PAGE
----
The National Electricity Market (NEM) is undergoing a once-in-a-lifetime transition from thermal generation to intermittent renewables (such as wind and solar), complemented by firming generation (such as pumped hydro). Over the next 15 years, significant investment will be needed in renewable and firming generation and associated transmission to continue providing affordable, reliable and secure energy for users.
By 2040, an estimated 30 gigawatts (GW) of large-scale renewable energy, backed up with 21 GW of new dispatchable resources, will be required to replace retiring coal-fired generation.
To ensure an orderly and cost-efficient transition, the transmission grid will need augmentation to balance generation resources and connect Renewable Energy Zones (REZ). At present, there is only 13 GW of connection capacity for REZs – less than half of what is required by 2040.
During this transition, the NEM will need to deliver greater volumes of generated and stored energy to meet changing patterns of consumer demand, balance intermittency, and increase system reliability and resilience by transmitting energy across and within regions.
The Australian Energy Market Operator, which operates the NEM, is currently updating its Integrated System Plan (ISP). The ISP was first released in 2018 and formed part of the evidence base for this initiative.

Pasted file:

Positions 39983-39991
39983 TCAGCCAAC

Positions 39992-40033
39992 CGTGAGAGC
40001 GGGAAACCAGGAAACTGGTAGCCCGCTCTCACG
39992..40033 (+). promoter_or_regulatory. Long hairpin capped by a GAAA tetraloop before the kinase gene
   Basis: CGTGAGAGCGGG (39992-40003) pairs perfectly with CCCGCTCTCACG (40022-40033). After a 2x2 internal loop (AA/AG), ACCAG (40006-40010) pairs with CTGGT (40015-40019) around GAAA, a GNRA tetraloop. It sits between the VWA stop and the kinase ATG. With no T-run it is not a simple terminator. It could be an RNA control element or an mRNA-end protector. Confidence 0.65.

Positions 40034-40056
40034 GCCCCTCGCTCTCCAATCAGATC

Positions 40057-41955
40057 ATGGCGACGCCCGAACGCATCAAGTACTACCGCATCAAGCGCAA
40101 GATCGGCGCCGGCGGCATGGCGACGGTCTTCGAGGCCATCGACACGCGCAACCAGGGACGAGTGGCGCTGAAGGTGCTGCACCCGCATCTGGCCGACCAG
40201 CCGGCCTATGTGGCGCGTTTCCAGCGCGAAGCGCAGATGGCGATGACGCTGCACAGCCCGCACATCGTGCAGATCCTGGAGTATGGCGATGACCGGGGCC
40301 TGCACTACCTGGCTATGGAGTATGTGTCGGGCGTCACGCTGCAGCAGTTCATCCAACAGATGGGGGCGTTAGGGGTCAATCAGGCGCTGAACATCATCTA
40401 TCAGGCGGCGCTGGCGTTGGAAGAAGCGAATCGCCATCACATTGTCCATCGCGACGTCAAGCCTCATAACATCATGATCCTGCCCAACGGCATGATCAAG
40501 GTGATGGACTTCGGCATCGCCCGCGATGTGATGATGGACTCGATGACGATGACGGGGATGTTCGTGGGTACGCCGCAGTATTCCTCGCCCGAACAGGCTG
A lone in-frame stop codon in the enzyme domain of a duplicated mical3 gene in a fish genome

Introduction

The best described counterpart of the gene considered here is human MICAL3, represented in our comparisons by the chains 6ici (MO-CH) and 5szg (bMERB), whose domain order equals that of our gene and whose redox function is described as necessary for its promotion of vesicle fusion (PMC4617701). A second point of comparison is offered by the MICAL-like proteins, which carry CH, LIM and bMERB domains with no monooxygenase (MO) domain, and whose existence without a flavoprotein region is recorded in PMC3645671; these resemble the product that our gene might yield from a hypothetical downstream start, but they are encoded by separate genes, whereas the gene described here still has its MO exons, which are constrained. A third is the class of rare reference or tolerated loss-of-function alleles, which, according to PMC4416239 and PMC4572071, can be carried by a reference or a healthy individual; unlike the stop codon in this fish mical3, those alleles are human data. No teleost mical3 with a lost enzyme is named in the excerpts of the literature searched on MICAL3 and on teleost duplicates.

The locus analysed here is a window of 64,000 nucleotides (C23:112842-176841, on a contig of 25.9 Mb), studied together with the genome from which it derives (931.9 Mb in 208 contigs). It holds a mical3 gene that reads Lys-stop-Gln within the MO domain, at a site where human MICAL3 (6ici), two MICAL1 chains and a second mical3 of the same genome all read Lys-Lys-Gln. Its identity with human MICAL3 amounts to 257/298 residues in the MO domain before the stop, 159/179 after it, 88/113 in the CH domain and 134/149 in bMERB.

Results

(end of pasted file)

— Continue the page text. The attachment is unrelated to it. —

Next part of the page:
Short-term optimisation of the NEM is also identified as a Priority Initiative on the Infrastructure Priority List.
The 2018 ISP identified three groups of investments over the near, medium and longer term. This initiative relates to the potential medium and longer-term (called Group 2 and 3 in the ISP) investments between the mid‑2020s and 2040, and includes:
new and increased transfer capacity between regions, such as between Queensland and New South Wales, New South Wales and South Australia, and Tasmania and Victoria
network access to energy storage locations
network access to renewable energy sources.
Potential initiatives also include the Tasmanian Government’s Second Bass Strait Interconnector project (also known as the ‘Marinus Link’). This was previously listed on the Infrastructure Priority List as a longer-term Priority Initiative and is now captured under this broader initiative.
These potential medium- and longer-term investments are subject to change as the ISP is updated to reflect the dynamic nature of the power system and evolving technologies.
The investments and their timing will also be subject to feasibility studies and detailed assessment of their costs and benefits by network infrastructure owners and governments.
Proponent(s) to be identified.